When actress Vaani Kapoor turned showstopper for designer Rina Dhaka's autumn-winter collection at Amazon India Fashion Week, the theme of "Dark Romantics" came to life.
The "Befikre" star looked ravishing in a black-velvet floor-kissing off-shoulder double slit dress, embroidered with a large motif with sheer back.
Wearing velvet pencil heels and sheer glove-like pattern in one of her hands, Vaani told the reporters that she was honoured to walk the ramp for the designer.
"I feel very privileged to wear Rina's clothes because she designs her outfits so tastefully. Wearing one of her creations is a matter of pride for me," Vaani said.
While the actress said she would want to wear the dress to a cocktail party, Rina suggested she could also wear it while riding a bike.
"My favourite colour is black. I like such dresses which are classy, chic, simple and does not scream for attention," Vaani told PTI.
Other couture in Rina's collection saw copious content drawn from dried florals, in mouse brown, charcoal and blacks hinted with reds, ruling the line amalgamated in velvets, sheer fabrics and lace.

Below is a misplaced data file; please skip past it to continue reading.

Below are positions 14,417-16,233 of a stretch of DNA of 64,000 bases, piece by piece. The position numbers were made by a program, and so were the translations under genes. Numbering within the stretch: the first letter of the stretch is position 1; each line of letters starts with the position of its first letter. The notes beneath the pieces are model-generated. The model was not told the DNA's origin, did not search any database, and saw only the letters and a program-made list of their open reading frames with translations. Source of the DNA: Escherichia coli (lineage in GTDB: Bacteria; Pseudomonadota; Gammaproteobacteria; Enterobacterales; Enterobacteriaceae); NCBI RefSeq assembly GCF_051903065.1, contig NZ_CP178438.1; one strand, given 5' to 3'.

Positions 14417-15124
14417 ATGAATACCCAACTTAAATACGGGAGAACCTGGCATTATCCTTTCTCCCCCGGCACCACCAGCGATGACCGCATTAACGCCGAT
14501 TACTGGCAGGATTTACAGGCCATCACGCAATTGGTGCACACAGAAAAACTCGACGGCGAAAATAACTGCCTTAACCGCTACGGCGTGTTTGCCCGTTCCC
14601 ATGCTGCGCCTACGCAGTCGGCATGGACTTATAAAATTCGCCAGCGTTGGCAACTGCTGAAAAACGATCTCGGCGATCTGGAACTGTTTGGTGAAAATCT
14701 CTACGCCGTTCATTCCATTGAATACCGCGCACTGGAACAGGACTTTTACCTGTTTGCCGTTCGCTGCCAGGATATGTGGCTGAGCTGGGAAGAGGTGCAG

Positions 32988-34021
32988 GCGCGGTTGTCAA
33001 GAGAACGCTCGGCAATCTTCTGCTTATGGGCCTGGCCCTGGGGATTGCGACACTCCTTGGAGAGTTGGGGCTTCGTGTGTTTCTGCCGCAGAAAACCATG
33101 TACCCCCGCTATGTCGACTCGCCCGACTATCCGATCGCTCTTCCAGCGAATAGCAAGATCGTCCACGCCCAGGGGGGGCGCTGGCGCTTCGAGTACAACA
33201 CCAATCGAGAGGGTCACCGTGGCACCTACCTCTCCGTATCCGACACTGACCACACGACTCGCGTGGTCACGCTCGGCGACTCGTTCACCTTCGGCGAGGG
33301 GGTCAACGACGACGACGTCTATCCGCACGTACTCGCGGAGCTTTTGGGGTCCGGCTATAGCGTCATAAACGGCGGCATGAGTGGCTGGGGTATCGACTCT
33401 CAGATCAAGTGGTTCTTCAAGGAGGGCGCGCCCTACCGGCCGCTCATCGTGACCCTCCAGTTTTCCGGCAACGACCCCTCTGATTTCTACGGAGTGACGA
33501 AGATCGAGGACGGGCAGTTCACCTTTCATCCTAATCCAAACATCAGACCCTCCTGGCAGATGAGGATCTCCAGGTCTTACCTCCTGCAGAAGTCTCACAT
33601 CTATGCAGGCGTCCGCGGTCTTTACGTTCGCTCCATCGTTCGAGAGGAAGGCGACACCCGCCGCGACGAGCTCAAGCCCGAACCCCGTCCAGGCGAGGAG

Revealing the inspiration behind her show, the designer said, "We have used the idea of dried flowers against a very distressed set-up to give the feel of dark romance, whether it is for leaves or dried twigs."
"Velvets, faux furs have been used along with washed effect on the ensembles to make them look vintage."
While Rina's collection tried to evoke dark romance, designers Pankaj and Nidhi were more invoking with their collection, "Telefunk".
Asked what drove the duo to go with the classic shades, Pankaj said, "The inspiration came from television when we used to wait for the serials to start, a black-and-white screen used to appear as the test signal.
"That kind of image stuck in my head and we wanted to recreate it."
Pankaj said their target audience includes women belonging to all age groups.
The dramatic and spunky line-up of models, some of them flaunting Jacky O shades, presented checks, stripes, lines and zigzags to describe the broken signal ranging to the shades of black and blue. Fabrics were interpreted through printing, merged with embroideries and textures.
"This was done on a meshed-sort of fabric and a special kind of jersey to give the haziness that you see in the pattern. Embellishments were especially designed and cut for the collection. We have also used lots of origami techniques," Pankaj said.
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